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Versions: (RFC 1918) 00 01

   Internet Draft                                                T.Hain
   Document: draft-hain-1918bis-01.txt                    Cisco Systems
   Expires: July 2005                                      January 2005


             Expanded Address Allocation for Private Internets


Status of this Memo

   "By submitting this Internet-Draft, I certify that any applicable
   patent or other IPR claims of which I am aware have been disclosed,
   or will be disclosed, and any of which I become aware will be
   disclosed, in accordance with RFC 3668."

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Abstract

   This document updates RFC 1918 and identifies additional IPv4 address
   space for use in private networks.


Table of Contents

   Introduction......................................................2
   Example cases.....................................................2
   Private Address Space.............................................5
   IANA Considerations...............................................5
   Security Considerations...........................................5
   References........................................................5
   Author's Addresses................................................5





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Introduction

   A number of organizations have expanded their autonomous private
   networks to the point of exhausting the address space identified in
   RFC 1918, in addition to the publicly routed space that has been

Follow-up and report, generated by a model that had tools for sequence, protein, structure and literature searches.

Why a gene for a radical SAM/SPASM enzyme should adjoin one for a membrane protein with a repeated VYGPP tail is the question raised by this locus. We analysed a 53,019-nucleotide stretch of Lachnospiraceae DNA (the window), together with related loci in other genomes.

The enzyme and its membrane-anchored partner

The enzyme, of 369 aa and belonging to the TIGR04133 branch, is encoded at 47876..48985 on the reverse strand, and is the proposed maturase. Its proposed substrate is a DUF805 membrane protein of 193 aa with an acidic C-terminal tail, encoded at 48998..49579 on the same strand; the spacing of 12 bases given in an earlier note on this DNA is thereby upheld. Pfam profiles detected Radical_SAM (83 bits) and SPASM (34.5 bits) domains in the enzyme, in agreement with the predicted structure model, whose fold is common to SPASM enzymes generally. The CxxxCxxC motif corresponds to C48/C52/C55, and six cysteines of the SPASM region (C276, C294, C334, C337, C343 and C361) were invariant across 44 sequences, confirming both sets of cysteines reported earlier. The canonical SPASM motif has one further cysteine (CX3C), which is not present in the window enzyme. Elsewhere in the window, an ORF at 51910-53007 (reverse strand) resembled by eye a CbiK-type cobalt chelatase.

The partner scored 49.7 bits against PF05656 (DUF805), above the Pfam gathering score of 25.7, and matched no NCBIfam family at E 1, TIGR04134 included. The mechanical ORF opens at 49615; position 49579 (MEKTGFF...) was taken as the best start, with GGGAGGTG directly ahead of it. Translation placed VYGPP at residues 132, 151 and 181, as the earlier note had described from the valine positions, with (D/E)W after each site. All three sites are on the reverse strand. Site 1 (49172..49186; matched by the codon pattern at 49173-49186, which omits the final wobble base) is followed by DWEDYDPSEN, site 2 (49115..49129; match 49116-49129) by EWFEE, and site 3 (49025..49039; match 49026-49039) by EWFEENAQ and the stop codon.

assigned to them. Given the policies for acquiring additional public
   space it is not reasonable for them to acquire such space for use in
   their private networks.

   While it is tempting to tell them to just switch to IPv6, that is not
   realistic from application availability, and transition timeframe
   standpoint. They need additional IPv4 space to continue to grow
   during the transition period. That space should be formally allocated
   rather than simply taken on the assumption it will not be publicly
   allocated before they complete a transition to IPv6.

   Any deployment will be gated by the following factors:
      -  Product availability
      -  Budget availability
      -  Acquisition timeframe
      -  Operations training
      -  Testing / interoperability assurance window
      -  Deployment window

   To the degree that the organization uses the normal life-cycle
   replacement approach to minimize any explicit IPv6 budget items, the
   acquisition timeframe by itself could be 5 years or more. In any
   event, the organization has typical timeframes for the period between
   product / service availability and when they consider that to be
   operationally deployed. This document points out that those
   deployment timeframes extend well beyond the point where they will
   have exhausted the space defined in RFC 1918.


Example cases

   A global organization, with over 5000 existing facilities, allocates
   a /21 to each from 10/8 (consolidating multiple disjoint /24's that
   evolved in the older facilities). They have allocated /16's to the
   set of data center facilities from 172.16/12, along with a number of
   globally routed /16's for their public facing systems. Internal